In this chapter, Stephanie Collins examines the idea that individuals can acquire ‘membership duties’ as a result of being members of a group that itself bears duties. In particular, powerful and wealthy states are duty-bearing groups, and their citizens have derivative membership duties (for example, to contribute to putting right wrongs that have been done in the past by the group in question, and to increase the extent to which the group fulfils its duties). In addition, she argues, individuals have (...)
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  34. Collectives' Duties and Collectivization Duties.Stephanie Collins - 2013 - Australasian Journal of Philosophy 91 (2):231–248.
    Plausibly, only moral agents can bear action-demanding duties. Not all groups are moral agents. This places constraints on which groups can bear action-demanding duties. Moreover, if such duties imply ability then moral agents – of both the individual and group varieties – can only bear duties over actions they are able to perform. I tease out the implications of this for duties over group actions, and argue that groups in many instances cannot bear these duties. This is because only groups (...)
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  35. Corporations’ Duties in a Changing Climate.Stephanie Collins - 2020 - In Climate Justice and Non-State Actors: Corporations, Regions, Cities, and Individuals.
    The urgency of the problem of climate change calls upon us to investigate the climate duties of agents beyond the state. Individuals are the most salient candidate in this respect. In section I, I argue that the idea that individuals might have duties to reduce their emissions raises difficult issues about individual difference-making. The rest of the chapter, then, focuses on what I take to be the third most-salient duty-bearer: large for-profit corporations. These entities have largely been overlooked in philosophical (...)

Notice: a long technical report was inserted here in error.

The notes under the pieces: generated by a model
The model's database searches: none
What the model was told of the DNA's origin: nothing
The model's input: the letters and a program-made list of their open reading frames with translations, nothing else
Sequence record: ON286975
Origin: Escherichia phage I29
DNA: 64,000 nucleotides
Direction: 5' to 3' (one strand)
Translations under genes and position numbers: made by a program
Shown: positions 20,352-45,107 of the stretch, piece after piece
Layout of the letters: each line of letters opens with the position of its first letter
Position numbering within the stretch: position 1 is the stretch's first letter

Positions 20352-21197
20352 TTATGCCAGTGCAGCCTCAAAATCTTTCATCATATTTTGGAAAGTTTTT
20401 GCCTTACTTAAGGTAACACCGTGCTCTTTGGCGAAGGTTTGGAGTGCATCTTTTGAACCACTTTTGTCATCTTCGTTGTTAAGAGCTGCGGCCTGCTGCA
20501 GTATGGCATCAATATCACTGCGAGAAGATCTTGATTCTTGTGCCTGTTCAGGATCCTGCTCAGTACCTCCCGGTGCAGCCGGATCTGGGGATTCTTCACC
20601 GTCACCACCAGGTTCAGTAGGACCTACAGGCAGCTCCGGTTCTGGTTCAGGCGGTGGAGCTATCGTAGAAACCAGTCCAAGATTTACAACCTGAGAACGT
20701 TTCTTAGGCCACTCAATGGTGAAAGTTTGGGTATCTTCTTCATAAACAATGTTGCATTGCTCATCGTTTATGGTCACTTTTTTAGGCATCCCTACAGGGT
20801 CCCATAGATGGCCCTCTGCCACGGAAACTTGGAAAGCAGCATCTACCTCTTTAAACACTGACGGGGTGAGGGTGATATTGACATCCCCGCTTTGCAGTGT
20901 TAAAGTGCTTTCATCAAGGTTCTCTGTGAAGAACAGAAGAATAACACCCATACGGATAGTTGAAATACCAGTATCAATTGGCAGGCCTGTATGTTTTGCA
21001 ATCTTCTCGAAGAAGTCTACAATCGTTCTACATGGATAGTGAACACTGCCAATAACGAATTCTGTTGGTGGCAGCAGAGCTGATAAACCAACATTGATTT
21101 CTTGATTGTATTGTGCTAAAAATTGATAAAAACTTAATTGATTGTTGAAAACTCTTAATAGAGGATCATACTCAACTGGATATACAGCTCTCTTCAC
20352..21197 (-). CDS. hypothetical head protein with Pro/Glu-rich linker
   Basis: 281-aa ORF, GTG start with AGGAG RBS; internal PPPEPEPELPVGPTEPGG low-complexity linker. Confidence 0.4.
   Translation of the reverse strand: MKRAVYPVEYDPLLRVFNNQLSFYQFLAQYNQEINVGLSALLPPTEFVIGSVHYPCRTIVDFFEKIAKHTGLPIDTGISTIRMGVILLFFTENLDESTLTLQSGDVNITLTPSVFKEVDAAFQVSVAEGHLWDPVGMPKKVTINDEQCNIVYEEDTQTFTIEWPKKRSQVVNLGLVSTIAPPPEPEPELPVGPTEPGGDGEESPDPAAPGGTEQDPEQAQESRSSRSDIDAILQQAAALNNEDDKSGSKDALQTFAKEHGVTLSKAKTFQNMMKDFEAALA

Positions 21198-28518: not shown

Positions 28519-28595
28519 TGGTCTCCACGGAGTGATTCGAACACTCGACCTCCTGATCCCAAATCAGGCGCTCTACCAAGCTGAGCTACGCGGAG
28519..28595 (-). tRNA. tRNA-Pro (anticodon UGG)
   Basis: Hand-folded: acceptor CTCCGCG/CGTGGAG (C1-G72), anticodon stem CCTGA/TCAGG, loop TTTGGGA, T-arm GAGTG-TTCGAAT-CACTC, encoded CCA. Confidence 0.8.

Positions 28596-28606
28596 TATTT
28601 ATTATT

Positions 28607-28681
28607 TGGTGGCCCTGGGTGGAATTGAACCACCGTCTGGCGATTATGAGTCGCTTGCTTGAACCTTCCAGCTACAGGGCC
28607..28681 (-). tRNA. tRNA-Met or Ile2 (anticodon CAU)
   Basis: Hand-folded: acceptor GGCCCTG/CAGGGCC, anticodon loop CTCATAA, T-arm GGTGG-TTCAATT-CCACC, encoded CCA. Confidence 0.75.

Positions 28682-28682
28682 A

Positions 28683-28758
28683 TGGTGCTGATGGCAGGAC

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  36. Collective Responsibility and International Relations. [REVIEW]Stephanie Collins - 2020 - In The Routledge Handbook of Collective Responsibility.
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  37. Duties and Poverty.Stephanie Collins - forthcoming - In The Routledge Handbook of Philosophy and Poverty.
    This chapter focuses on the question of who has duties regarding poverty and what those duties demand, from within the perspective of contemporary analytic normative philosophy. The chapter is structured in three sections. Section 1 considers the duties of those living in poverty, which might be either self-regarding or other-regarding duties, and which must be tempered by concerns of overdemandingness. Section 2 considers the duties of affluent individuals. These are imperfect duties grounded in affluent individuals’ relations to the structures that (...)
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  38. Role Obligations to Alter Role Obligations.Stephanie Collins - forthcoming - In The Ethics of Social Roles.
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  39. Who Does Wrong When an Organisation Does Wrong?Stephanie Collins - 2018 - In Collectivity: Ontology, Ethics, and Social Justice.
    When an organisation does wrong, each of the members is part of the entity that authored that wrong—or so I shall assume. But it does not follow that each of the members has herself done wrong. Doing wrong, I will assume, results from the combination of two conditions: first, authoring (or being part of the entity that authored) a harm; and second, lacking an excuse for that (part-) authorship. To answer my title question, then, we have to know which members (...)
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  40.  2
    Introduction: methodology and non-ideal theory in Christine Hobden’s Citizenship in a Globalised World.Stephanie Collins - forthcoming - Critical Review of International Social and Political Philosophy.
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  41.  1
    Introduction: Methodology and Non-ideal Theory in Christine Hobden’s Citizenship in a Globalised World. [REVIEW]Stephanie Collins - forthcoming - Critical Review of International Social and Political Philosophy:1-5.
    This contribution examines the methodology of Christine Hobden’s Citizenship in a Globalised World. It introduces some concepts, themes, and arguments that arise in the discussion by the three commentators Ashwini Vasanthamukar, Anna Stilz, and Shuk Ying Chan in this book symposium. It then examines Hobden’s approach to non-ideal political theorising and her proposal for citizens’ responsibilities.